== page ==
Each month, applicants for salesperson licenses line up awaiting an interview before the State Real Estate Commission’s Enforcement Committee. The subjects of these interviews are felony and misdemeanor convictions that occurred recently or many years ago. More times than not, the conviction will not block access to a license.
The problem is that an applicant won’t know whether a prior criminal conviction will keep him from acquiring a license until he applies. By that time, the applicant has completed his education and has studied and passed the examination. It’s a little late to find out that he was never qualified to possess a license in the first place.
It would be a good practice if all real estate schools covered the qualifications for licensure on the very first day of class. “Licenses shall be granted only to persons who bear a good reputation for honesty, trustworthiness, integrity and competence to transact the business of a broker or salesperson . . .” (Real Estate Licensing and Registration Act, § 501) The law also requires the details of any conviction to be supplied with the application. Brokers who recruit from the ranks of the unlicensed would do well to ask about prior convictions before the person enrolls in courses.
So, how do you predict whether a prior conviction will prevent an applicant from becoming licensed? The Commission only renders a decision when it has an application before it. It will not offer guidance to those who call or write. Counsel experienced in representing applicants before the Enforcement Committee or who have worked in this arena might be in a position to render an opinion, once all of the facts regarding the prior conviction and the applicant’s life are reviewed.
Generally, the crimes that are more likely to preclude licensure involve fraud and deceit or crimes that cast doubt on the veracity of an applicant. Examples include forgery, theft, tax evasion, perjury and embezzlement. These won’t necessarily bar licensure and the degree of the offense will be important. An isolated fight, a single occurrence of driving under the influence or other non-patterned crimes are less likely to pose an impediment. Crimes involving youthful indiscretion or that don’t involve moral turpitude also fall in the category that generally do not bar licensure.
Note that I have only discussed the reporting of felony and misdemeanor convictions. Arrests without convictions, and convictions for summary offenses, are not reportable thanks to Pennsylvania’s Criminal History Record Information Act (CHRIA). A summary offense falls below a misdemeanor (felonies are the highest crimes) and involves crimes that cannot be punished by more than a $300 fine or a 90-day term of imprisonment. These are generally the crimes that are handled exclusively at the magisterial district justice level.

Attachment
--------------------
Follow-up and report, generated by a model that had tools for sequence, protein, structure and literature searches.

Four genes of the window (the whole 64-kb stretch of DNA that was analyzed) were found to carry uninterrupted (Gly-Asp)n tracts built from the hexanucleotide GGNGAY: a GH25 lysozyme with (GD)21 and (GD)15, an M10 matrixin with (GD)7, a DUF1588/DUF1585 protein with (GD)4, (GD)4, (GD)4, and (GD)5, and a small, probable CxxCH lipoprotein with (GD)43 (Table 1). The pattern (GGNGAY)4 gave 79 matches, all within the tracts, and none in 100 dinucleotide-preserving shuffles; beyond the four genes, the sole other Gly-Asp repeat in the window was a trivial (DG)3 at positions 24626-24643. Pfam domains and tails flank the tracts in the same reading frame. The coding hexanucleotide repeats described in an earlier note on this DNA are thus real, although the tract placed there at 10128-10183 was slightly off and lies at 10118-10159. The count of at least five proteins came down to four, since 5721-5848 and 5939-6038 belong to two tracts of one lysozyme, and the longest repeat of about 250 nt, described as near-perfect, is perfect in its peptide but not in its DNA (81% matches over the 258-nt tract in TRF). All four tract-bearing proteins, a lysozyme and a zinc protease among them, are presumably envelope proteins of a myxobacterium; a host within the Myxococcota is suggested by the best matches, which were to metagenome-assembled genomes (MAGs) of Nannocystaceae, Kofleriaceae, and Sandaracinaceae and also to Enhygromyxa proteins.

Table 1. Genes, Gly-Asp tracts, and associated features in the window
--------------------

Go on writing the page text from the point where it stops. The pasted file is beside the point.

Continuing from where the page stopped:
CHIRA is also the statute that authorizes the Commonwealth’s commissions from granting or renewing licenses where the applicant has been convicted of any felony or where the applicant has been convicted of a misdemeanor “which relates to the trade, occupation or profession for which the license is sought.” How about a misdemeanor conviction for driving under the influence? Is it a crime that relates to the practice of real estate? Certainly a licensee who is caught driving under the influence in the course of her real estate business can be found to have engaged in a misdemeanor that relates to the profession, but what about the licensee who is a little overenthusiastic at a football tailgate or a birthday party? The driving didn’t relate to the profession. There is no requirement that an applicant for a real estate license possess a driver’s license. One of my clients told me that his best year in real estate was a year that he was without his driver’s license as a result of a previous DUI conviction. I did represent a client who was victorious and proved to a hearing examiner that a DUI that occurred “off hours” was not a misdemeanor relating to the profession.
Does an active licensee who is convicted of a misdemeanor that does not relate to the profession have to report the conviction to the Commission? Even though the conviction itself may not deprive the person of his real estate license, the failure to report the conviction within 30 days of the guilty plea or conviction may result in the loss of a license. A simple letter to the Commission advising of the conviction or guilty plea will suffice.
While most of us are concerned about a day-to-day practice and will never have to broach the subject of a criminal conviction, it is surprising how often the subject rears its head. Managers, brokers and educators need to be mindful. Presumably a criminal conviction will be appropriately punished; there is no reason to further jeopardize a license if it can be avoided.